This sermon was preached at Our Saviour’s Lutheran Church in Holladay, UT on July 5, 2020. We continue in our summer series “I Love to Tell the Story.” It can be viewed on our YouTube Channel Our Saviour’s Lutheran Church SLC.

The texts were Exodus 16: 1-18 and 17: 1-7

Maslow’s Hierarchy of Needs points out that when your basic needs aren’t being met, food, shelter, clothing and safety, you can’t focus on anything else. We all know this, on a personal level, when you’re extremely hungry or thirsty, the only thing you can focus on is rectifying that situation. When there is hunger and thirst on a community level, an entire group of people are kept in a pattern that doesn’t allow for worry on a collective about the future, education, neighborhood, or anything past survival. Survival becomes the only thing you can think or talk about. And you wonder if anyone sees your needs and hears your cries for the basics of life that others seem to have. You feel invisible. Your focus on these needs might be heard as complaining, which culturally for us in our society is taboo. We are enculturated to not ask for help, that not meeting our own basic needs is a failure and to just push forward no matter the suffering.  We are taught and perpetuate the myth that it is better to not be seen or heard at all, then to be seen or heard as a problem. But the problem with that is that it leads to other problems.

Complaining has such a negative connotation in our culture that we judge and label people who complain. “Oh, that person is just complaining to complain.” Or “they should quit complaining and do something about it.” I know I’ve done it. We think complainers are weak and self-centered, and we certainly don’t want to be labeled that or around those people. When I read our two stories from Exodus for this week, my first thought is “why are the Israelites complaining to Moses and God after being liberated from the Egyptians? It seems ungrateful.” But I then I realized what the Israelites where unhappy about: they were hungry and thirsty. Their basic needs for human existence weren’t being met, they were in the middle of a desert where they couldn’t meet these basic needs themselves, they needed help and they weren’t sure if God really saw them.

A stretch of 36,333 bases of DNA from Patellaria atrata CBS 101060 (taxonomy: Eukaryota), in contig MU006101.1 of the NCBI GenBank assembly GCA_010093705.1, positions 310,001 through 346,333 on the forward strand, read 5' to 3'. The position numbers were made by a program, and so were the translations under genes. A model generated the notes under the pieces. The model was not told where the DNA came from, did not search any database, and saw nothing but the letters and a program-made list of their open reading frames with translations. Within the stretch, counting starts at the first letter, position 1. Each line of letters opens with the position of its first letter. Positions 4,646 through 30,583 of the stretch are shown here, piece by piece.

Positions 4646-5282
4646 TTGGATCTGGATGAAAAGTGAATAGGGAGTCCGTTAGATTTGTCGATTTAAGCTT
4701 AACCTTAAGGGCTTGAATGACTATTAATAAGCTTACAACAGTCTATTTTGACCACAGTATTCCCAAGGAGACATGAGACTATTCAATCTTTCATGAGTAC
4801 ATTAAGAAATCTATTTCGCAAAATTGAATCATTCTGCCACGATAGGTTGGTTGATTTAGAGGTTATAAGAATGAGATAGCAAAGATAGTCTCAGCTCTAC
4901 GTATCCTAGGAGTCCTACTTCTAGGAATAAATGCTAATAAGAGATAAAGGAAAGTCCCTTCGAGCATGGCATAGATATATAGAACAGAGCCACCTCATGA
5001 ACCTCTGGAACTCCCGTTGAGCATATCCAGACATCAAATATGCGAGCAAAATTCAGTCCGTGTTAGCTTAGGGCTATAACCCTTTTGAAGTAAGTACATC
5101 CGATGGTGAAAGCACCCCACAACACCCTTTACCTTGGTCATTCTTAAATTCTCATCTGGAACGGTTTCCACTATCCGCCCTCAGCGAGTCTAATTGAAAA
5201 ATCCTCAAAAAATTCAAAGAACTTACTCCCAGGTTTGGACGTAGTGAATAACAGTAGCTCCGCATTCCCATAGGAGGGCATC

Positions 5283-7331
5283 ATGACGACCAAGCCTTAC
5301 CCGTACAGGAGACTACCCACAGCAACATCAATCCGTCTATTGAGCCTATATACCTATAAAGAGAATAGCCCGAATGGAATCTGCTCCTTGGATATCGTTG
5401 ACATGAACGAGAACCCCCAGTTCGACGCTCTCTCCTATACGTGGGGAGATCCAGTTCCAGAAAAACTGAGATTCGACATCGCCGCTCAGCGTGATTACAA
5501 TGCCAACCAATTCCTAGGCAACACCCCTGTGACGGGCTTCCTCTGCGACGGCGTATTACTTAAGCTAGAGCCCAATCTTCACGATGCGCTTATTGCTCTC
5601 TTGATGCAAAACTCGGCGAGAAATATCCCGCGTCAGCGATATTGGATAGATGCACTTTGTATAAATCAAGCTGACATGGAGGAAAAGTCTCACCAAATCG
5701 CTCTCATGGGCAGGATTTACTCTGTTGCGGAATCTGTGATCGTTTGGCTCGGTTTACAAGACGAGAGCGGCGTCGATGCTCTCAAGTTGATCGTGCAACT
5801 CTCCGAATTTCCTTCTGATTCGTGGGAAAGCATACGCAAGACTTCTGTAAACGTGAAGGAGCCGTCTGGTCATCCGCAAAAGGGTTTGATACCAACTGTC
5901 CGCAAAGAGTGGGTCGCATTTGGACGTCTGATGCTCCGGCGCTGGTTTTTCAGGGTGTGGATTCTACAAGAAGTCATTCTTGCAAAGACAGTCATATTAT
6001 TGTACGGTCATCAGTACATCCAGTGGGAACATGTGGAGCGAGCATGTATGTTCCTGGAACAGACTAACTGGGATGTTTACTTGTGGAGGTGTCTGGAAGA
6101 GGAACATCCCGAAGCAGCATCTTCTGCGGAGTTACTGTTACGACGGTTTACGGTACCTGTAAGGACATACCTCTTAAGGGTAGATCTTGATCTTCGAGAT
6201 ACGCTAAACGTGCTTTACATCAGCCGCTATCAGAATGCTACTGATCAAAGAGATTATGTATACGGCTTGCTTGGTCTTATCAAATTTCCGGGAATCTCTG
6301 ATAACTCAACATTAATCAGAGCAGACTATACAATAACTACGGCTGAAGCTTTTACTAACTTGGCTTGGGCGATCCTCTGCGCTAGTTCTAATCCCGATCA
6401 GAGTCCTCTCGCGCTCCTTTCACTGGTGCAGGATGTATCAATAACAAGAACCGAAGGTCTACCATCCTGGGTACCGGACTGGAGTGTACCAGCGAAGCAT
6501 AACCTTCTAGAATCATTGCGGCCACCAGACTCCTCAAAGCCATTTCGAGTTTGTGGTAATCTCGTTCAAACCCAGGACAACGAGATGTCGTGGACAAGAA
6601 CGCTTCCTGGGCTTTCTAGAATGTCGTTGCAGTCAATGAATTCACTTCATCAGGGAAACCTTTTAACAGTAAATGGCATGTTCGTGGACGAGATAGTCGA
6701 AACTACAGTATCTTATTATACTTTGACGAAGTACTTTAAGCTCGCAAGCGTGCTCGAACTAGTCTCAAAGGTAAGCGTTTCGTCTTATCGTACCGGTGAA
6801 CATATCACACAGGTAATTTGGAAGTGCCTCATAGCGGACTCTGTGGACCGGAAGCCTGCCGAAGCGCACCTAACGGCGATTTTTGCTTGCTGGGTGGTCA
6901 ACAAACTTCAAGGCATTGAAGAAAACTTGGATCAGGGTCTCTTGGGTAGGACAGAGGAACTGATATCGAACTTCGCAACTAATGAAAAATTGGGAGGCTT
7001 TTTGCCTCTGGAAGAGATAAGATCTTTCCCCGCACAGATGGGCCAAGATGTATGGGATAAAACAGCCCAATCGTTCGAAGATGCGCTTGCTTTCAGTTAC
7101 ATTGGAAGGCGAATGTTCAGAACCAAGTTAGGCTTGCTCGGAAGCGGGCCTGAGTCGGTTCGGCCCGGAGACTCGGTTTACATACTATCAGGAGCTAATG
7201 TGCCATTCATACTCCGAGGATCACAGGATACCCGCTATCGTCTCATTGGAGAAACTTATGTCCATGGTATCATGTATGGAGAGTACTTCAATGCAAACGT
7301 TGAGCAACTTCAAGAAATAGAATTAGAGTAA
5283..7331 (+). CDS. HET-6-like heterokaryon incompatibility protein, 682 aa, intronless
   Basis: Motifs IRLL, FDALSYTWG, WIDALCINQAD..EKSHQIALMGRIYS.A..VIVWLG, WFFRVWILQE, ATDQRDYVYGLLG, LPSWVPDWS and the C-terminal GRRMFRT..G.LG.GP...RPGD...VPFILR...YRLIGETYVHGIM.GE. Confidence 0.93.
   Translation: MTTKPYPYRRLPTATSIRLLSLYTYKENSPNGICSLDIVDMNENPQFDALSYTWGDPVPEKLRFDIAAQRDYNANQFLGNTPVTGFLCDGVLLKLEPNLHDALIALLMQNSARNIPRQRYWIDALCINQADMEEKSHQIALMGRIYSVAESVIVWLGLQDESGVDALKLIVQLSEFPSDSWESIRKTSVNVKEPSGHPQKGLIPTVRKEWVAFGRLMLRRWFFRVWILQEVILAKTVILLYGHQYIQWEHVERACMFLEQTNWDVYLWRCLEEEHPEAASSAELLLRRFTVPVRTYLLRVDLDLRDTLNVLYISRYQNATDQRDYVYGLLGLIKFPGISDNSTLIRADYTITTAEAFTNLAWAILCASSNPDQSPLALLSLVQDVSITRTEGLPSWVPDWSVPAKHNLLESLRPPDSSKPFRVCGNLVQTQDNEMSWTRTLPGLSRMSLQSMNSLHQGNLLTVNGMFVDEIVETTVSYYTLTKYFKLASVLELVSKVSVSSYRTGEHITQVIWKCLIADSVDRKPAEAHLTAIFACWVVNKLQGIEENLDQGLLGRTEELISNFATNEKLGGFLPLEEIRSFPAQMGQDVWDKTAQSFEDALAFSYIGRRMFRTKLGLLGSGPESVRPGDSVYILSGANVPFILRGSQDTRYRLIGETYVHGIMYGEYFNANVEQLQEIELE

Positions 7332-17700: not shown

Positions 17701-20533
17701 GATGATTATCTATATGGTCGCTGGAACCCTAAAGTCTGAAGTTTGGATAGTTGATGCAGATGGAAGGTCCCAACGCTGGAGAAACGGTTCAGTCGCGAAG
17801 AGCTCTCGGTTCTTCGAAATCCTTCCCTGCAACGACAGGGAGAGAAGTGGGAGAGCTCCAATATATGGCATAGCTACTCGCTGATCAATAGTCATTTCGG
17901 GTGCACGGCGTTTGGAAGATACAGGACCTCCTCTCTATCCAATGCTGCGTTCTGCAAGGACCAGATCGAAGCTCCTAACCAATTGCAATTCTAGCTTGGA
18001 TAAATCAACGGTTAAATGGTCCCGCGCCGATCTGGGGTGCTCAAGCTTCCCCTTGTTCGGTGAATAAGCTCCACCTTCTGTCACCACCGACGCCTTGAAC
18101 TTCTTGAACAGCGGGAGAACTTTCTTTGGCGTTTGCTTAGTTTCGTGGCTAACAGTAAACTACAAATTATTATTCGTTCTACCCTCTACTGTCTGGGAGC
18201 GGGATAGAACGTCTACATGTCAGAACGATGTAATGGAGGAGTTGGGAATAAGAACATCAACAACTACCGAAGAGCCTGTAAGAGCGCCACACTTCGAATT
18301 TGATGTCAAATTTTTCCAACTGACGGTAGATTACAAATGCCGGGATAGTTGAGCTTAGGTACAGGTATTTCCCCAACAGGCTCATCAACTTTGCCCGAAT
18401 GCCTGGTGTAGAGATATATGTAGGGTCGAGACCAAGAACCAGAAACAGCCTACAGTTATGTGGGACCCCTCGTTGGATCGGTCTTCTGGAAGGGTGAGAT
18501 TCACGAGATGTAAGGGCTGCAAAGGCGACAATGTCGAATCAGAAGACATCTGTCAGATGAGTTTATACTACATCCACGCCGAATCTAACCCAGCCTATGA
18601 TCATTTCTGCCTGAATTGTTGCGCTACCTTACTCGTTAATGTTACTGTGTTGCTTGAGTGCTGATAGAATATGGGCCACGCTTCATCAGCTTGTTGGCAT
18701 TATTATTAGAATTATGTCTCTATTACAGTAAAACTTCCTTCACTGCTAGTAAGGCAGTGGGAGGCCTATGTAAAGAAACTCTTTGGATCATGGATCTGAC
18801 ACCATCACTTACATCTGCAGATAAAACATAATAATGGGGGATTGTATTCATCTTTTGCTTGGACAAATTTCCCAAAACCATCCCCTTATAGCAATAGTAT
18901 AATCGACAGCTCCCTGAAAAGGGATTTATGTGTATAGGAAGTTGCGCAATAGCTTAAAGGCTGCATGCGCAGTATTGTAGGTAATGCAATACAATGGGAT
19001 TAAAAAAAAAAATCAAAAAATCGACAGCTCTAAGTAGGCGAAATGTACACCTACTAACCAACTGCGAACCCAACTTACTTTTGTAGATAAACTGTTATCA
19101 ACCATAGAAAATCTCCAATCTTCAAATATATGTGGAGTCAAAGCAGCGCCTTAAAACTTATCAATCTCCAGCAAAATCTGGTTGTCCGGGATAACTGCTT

The Israelites genuinely wondered what God was up to and if God was perhaps no better than Pharaoh, who had only seen them as free labor with no value. Maybe it’s better to be seen as less than, and have some food, than not seen at all by God in the desert? We might view that as a lack of faith, but again, I will admit to questioning God’s motives or lack of action every now and again too, wondering if God really sees the situation I’m in. Moses’ reaction to the demands of the Israelites is interesting. He takes it very personally and immediately deflects to God by saying, “This isn’t my problem, it’s God’s. Don’t look at me!”

God did look at Moses though, and God saw and heard the Israelites. God saw and heard their grumblings and didn’t chastise them, didn’t become annoyed, but instead said yes, I will give them what they ask for, bread from heaven, quail from the sky and water from a rock and even more, they will see the glory of God. God wanted them to know that God saw them for who’s they were-God’s. And God will give them what they need to survive, acknowledging that basic needs are a reality, not a nicety. And God gave them agency to gather their own food, to have a part in the provision. God doesn’t just give charity, God gives empowerment and dignity. God looked to Moses to provide leadership, God looked to the people to share, and God looked to the people to keep moving. God showed the Israelites to keep looking and listening for God who will meet their needs in unexpected ways.